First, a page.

The early part of 2009 was unusually cold throughout the Northeast. On January 16, an instrument at the Big Black River USGS station in northwestern Maine recorded a temperature of -50 F, immediately a candidate for the coldest reading ever in the state (at least during the period of modern instrumental measurements). This reading triggered the convening of the Records Verification Committee for Maine, and the committee met twice (by phone) to discuss the relevant issues. The Committee consisted of representatives of the NWS Caribou office, the USGS office in Augusta, the Maine State Climatologist, the NOAA Northeast Regional Climate Center in Ithaca, and the NCDC in North Carolina. After appropriate challenges, including testing of several pieces of equipment, the group voted unanimously to approve the record as official. That reading now stands as the coldest for Maine, replacing the previous record of -48 F from nearby Van Buren in 1925. The -50 F record for Maine also equals the all-time record cold temperature for any New England state (Vermont having that same value).
Then, in April, we had unusually warm temperatures for several days. Many stations recorded temperatures that were 8-11 degrees warmer than the previous record high for the date at those locations. On April 28, the Portland reached 92 F, the first time that temperatures had ever exceeded 90F in April and 11 degrees more than the record for the date. Daily records for several stations were also set on April 26. April temperatures in Portland were three degrees above the 30-year average.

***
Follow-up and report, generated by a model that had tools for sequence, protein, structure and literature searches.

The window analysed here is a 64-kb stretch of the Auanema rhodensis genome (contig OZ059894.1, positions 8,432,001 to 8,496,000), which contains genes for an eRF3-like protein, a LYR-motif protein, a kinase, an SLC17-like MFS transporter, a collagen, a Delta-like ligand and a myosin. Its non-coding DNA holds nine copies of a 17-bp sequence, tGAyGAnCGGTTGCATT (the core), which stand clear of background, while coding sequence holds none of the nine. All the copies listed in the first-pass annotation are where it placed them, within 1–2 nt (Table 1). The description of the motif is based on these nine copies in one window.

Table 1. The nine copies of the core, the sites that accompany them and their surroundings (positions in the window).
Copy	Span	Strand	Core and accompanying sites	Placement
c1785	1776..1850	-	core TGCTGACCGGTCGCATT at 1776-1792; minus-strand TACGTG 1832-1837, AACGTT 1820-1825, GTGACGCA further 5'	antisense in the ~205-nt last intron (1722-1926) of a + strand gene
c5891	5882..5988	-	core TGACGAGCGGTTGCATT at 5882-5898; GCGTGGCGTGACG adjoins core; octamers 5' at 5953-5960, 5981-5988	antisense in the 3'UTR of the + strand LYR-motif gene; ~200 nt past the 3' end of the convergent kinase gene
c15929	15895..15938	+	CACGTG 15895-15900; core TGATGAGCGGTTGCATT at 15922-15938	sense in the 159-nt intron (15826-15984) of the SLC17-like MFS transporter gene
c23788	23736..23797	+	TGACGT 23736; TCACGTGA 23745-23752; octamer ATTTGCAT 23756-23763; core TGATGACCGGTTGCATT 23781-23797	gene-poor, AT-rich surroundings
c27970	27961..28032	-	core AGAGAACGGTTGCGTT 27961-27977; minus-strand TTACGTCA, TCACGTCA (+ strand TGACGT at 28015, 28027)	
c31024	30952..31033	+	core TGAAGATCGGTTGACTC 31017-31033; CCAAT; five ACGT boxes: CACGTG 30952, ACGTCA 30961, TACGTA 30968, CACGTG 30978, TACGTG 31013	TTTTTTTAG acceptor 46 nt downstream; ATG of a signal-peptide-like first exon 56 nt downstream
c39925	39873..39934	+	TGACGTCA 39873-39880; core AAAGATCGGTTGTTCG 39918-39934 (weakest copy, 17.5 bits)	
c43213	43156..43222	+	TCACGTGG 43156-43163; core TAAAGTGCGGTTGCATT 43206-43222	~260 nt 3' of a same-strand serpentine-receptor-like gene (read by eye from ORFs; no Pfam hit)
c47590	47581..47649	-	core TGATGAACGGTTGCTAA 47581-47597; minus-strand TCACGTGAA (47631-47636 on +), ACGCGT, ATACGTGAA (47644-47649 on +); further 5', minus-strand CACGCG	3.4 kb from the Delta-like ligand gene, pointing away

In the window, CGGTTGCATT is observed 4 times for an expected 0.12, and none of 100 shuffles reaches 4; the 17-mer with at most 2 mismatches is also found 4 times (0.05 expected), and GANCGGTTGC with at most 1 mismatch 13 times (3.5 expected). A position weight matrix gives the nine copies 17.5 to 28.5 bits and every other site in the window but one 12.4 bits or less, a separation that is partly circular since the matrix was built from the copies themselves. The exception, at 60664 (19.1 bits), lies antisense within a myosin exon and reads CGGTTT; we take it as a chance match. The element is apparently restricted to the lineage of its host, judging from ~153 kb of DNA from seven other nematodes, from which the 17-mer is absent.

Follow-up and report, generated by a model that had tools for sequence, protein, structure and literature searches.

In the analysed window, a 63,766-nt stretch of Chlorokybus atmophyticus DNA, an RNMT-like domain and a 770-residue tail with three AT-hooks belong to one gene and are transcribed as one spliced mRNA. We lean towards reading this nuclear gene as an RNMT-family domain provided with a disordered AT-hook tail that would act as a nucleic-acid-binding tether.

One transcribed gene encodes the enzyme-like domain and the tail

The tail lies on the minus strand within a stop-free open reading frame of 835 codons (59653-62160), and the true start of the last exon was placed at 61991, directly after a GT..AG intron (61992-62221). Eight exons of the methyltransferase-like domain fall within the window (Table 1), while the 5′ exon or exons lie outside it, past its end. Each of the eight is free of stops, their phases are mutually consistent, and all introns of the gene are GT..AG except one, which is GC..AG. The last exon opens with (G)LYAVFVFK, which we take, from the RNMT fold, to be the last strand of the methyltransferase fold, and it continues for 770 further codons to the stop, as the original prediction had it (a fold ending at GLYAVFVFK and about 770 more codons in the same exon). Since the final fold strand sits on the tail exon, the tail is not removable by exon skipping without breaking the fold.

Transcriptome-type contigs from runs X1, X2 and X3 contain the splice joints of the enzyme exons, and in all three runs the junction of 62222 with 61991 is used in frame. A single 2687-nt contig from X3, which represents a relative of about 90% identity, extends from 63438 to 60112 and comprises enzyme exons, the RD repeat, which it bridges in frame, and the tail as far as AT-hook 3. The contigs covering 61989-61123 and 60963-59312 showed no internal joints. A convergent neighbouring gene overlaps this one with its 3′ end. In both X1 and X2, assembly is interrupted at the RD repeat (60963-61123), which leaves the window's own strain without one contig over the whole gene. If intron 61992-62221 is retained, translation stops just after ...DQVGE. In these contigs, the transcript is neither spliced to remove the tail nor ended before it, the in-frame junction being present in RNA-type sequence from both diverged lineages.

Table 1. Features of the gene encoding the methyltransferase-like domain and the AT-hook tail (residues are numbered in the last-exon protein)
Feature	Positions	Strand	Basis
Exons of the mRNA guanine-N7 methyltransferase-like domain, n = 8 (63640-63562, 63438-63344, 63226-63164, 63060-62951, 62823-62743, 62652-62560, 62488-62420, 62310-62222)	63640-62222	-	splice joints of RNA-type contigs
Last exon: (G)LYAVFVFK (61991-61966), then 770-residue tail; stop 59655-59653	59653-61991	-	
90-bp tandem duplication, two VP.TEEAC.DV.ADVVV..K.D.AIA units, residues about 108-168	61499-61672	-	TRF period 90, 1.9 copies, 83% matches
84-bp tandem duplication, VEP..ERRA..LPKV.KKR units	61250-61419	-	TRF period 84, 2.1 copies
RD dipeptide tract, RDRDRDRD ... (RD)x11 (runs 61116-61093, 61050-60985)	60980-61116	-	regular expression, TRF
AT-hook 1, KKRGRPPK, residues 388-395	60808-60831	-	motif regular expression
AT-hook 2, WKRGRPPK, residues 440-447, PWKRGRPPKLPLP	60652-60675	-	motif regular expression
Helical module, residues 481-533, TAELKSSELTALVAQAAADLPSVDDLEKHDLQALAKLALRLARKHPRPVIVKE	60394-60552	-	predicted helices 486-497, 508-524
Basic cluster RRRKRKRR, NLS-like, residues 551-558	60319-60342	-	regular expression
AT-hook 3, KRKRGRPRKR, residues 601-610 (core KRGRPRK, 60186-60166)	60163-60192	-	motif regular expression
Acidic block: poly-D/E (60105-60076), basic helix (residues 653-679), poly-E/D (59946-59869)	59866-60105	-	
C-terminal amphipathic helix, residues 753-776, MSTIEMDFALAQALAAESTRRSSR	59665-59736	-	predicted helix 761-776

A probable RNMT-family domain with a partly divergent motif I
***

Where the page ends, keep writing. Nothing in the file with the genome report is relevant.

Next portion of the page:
Of course, the big news for summer involved precipitation. After relatively dry months of April and May, the rains began in June and continued through most of July. When the patterns of regular rains finally ended, the months of August and most of September have been beautifully dry and clear, with almost no precipitation over most of the state.
These patterns of long stretches of similar weather are notable when they happen, but are really quite normal. Generally these patterns result from rather stable positions of the jet-stream winds that circle the northern hemisphere in a wave-like pattern centered on the North Pole. When those patterns are configured so that low-pressure systems pass through Maine, we usually see one rain event after another.
These kinds of weather patterns are not unusual, but they bring up an interesting contrast with the long-term climate patterns for Maine. For example, the average precipitation for Maine is quite even, with slightly less that one inch per week throughout the year. (This lack of seasonal variability is actually quite unusual globally; most places have large differences in average precipitation from one season to another.) Of course this nicely illustrates the difference between weather and climate (average weather).